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China Merchants Bank has unexpectedly relieved Tian Huiyu of his role as president and chief executive officer, after the stock plunged in Shanghai amid talk of investigations into the affairs of the country's largest retail bank.
Tian, 56, was relieved of his job with immediate effect, and would be assigned to another post, the Shenzhen-based bank said, without specifying his new role. Tian, appointed to the bank's top post in September 2013, will be replaced by chief financial officer Wang Liang as interim CEO, the bank said.
Wang, an economist, has a degree in monetary banking from the Renmin University of China, according to Merchants Bank's bilingual website, which has already removed Tian's photograph and biography. Wang joined the bank in 1995, working his way up the ranks in various roles until his promotion to First Executive Vice-President and CFO in August 2021.
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A senior executive of the bank was helping China's authorities with an unspecified investigation, the financial news portal Hexun.com reported today, without naming the officer or divulging the nature of the probe. The bank did not respond to the Post's request for comment, but told China Securities Journal it was looking into the reason for the stock's plunge.
The unexpected move followed the worst sell-off of Merchants Bank's shares in seven years on the Shanghai Stock Exchange, which erased about 71 billion yuan (US$11.1 billion) in one day from the value of China's third-largest lender by capitalisation.
Merchants Bank's shares fell by as much as 8.6 per cent to an intraday low of 42.78 yuan in Shanghai, before clawing back some of the losses to close at 43.39 yuan, marking the biggest one-day sell-off since a 9.4 per cent slump in August 2015, according to Bloomberg's data.
"There's market speculation that the executive is under probe," said Wang Zheng, chief investment officer at Jingxi Investment Management in Shanghai, speaking before Merchants Bank announced Tian's removal. "The impact on the stock price is palpable."
Before his appointment to China Merchants Bank, Tian served as head of the Beijing office for two years between March 2011 and June 2013 at China Construction Bank, the country's second-largest lender by assets. China's Vice-President and anti-corruption commissar Wang Qishan was vice-governor of Construction Bank from 1989 to 1994 before being called to serve in government.
A decline of such magnitude in Merchants Bank shares is rare. The lender is often touted by traders as a hedge against the broader-market decline because of its solid earnings capacity.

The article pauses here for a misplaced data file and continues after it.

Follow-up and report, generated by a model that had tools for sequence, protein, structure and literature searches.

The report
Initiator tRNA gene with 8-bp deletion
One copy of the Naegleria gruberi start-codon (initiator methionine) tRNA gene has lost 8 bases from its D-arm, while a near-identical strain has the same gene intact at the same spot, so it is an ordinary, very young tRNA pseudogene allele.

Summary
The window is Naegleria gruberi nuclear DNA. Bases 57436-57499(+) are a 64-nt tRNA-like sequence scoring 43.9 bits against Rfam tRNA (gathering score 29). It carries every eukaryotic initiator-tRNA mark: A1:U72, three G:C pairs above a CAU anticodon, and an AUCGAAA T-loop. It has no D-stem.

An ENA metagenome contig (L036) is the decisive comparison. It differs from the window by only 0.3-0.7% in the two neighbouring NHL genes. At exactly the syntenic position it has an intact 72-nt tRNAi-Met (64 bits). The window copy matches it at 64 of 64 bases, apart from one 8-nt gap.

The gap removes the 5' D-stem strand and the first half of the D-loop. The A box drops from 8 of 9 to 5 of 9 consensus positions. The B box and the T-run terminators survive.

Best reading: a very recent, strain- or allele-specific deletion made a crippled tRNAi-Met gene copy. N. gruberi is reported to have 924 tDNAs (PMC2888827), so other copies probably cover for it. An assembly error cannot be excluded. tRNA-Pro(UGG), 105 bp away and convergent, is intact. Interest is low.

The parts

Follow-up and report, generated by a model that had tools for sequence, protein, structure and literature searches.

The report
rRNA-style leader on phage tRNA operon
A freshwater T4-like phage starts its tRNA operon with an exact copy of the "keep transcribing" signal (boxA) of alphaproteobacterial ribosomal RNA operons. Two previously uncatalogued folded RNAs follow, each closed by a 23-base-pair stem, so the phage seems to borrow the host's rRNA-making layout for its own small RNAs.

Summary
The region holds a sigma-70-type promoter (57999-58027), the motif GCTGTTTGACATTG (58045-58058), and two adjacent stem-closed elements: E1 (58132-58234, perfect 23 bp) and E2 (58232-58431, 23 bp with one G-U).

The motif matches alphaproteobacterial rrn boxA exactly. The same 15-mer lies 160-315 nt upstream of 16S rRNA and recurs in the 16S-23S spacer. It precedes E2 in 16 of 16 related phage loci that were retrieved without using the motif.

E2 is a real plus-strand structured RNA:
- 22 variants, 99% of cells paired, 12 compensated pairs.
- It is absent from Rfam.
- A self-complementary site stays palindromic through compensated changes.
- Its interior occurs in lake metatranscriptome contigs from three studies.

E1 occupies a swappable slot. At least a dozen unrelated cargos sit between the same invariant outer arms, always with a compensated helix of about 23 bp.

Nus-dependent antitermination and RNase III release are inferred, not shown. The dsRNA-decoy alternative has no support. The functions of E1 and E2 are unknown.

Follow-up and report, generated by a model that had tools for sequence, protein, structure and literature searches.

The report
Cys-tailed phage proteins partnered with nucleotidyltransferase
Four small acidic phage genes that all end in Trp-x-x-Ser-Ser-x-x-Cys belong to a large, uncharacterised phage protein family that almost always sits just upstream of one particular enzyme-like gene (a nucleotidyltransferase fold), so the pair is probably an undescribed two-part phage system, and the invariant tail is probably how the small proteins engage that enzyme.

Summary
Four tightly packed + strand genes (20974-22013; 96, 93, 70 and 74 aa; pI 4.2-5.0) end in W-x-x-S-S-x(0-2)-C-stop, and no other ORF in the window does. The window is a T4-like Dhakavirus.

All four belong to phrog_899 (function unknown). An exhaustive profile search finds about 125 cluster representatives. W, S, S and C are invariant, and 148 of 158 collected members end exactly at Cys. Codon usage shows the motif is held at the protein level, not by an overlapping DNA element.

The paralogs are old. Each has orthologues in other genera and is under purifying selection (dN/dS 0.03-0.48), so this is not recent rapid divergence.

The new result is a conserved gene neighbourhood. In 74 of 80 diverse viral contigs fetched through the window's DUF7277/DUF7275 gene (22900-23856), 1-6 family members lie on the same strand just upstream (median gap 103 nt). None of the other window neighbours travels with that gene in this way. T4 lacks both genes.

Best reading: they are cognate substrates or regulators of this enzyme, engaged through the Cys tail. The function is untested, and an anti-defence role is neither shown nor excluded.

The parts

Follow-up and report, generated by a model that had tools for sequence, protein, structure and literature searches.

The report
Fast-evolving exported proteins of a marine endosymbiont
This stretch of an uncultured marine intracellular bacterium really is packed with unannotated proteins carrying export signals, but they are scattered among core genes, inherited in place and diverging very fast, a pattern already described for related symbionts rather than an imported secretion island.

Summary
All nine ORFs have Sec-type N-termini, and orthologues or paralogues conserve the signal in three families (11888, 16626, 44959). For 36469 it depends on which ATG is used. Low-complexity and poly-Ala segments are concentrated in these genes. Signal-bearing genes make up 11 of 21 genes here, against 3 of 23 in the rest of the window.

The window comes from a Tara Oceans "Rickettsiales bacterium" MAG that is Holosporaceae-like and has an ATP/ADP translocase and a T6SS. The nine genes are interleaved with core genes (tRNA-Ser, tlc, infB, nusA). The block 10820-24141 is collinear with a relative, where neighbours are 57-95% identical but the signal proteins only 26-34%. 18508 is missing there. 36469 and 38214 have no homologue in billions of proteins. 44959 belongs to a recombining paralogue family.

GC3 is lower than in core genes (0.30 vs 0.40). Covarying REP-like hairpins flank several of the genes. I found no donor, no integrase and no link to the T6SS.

Logo of China Merchants Bank are seen in Hangzhou, Zhejiang province on May 12, 2013. Photo: Reuters. alt=Logo of China Merchants Bank are seen in Hangzhou, Zhejiang province on May 12, 2013. Photo: Reuters.>
The slide helped drag the Shanghai Composite Index down by 0.5 per cent to near a one-week low. The bank's Hong Kong-listed shares were last traded at HK$59.75 on Thursday before a two-day public holiday.
The sell-off rattled investors in the US$10.8 trillion onshore market after a beating from tech crackdown, corruption probes and Covid-19 lockdowns over the years. The Shanghai Composite Index has dropped 12 per cent this year, the worst among major benchmarks in Asia-Pacific. The MSCI China Index lost 21.6 per cent last year, the most since 2008.
First-quarter net income, due on Friday, probably rose 12 per cent from a year earlier, according to consensus forecasts from analysts tracked by Bloomberg. Earnings jumped 23 per cent last year.
China Merchants Bank has a market capitalisation of 1.1 trillion yuan, the third-most valuable lender after Industrial and Commercial Bank of China and Construction Bank. Its 17.5 per cent return on equity is the best in industry, versus 11.6 per cent peer average, according to Bloomberg data.
This article originally appeared in the South China Morning Post (SCMP), the most authoritative voice reporting on China and Asia for more than a century. For more SCMP stories, please explore the SCMP app or visit the SCMP's Facebook and Twitter pages. Copyright © 2022 South China Morning Post Publishers Ltd. All rights reserved.
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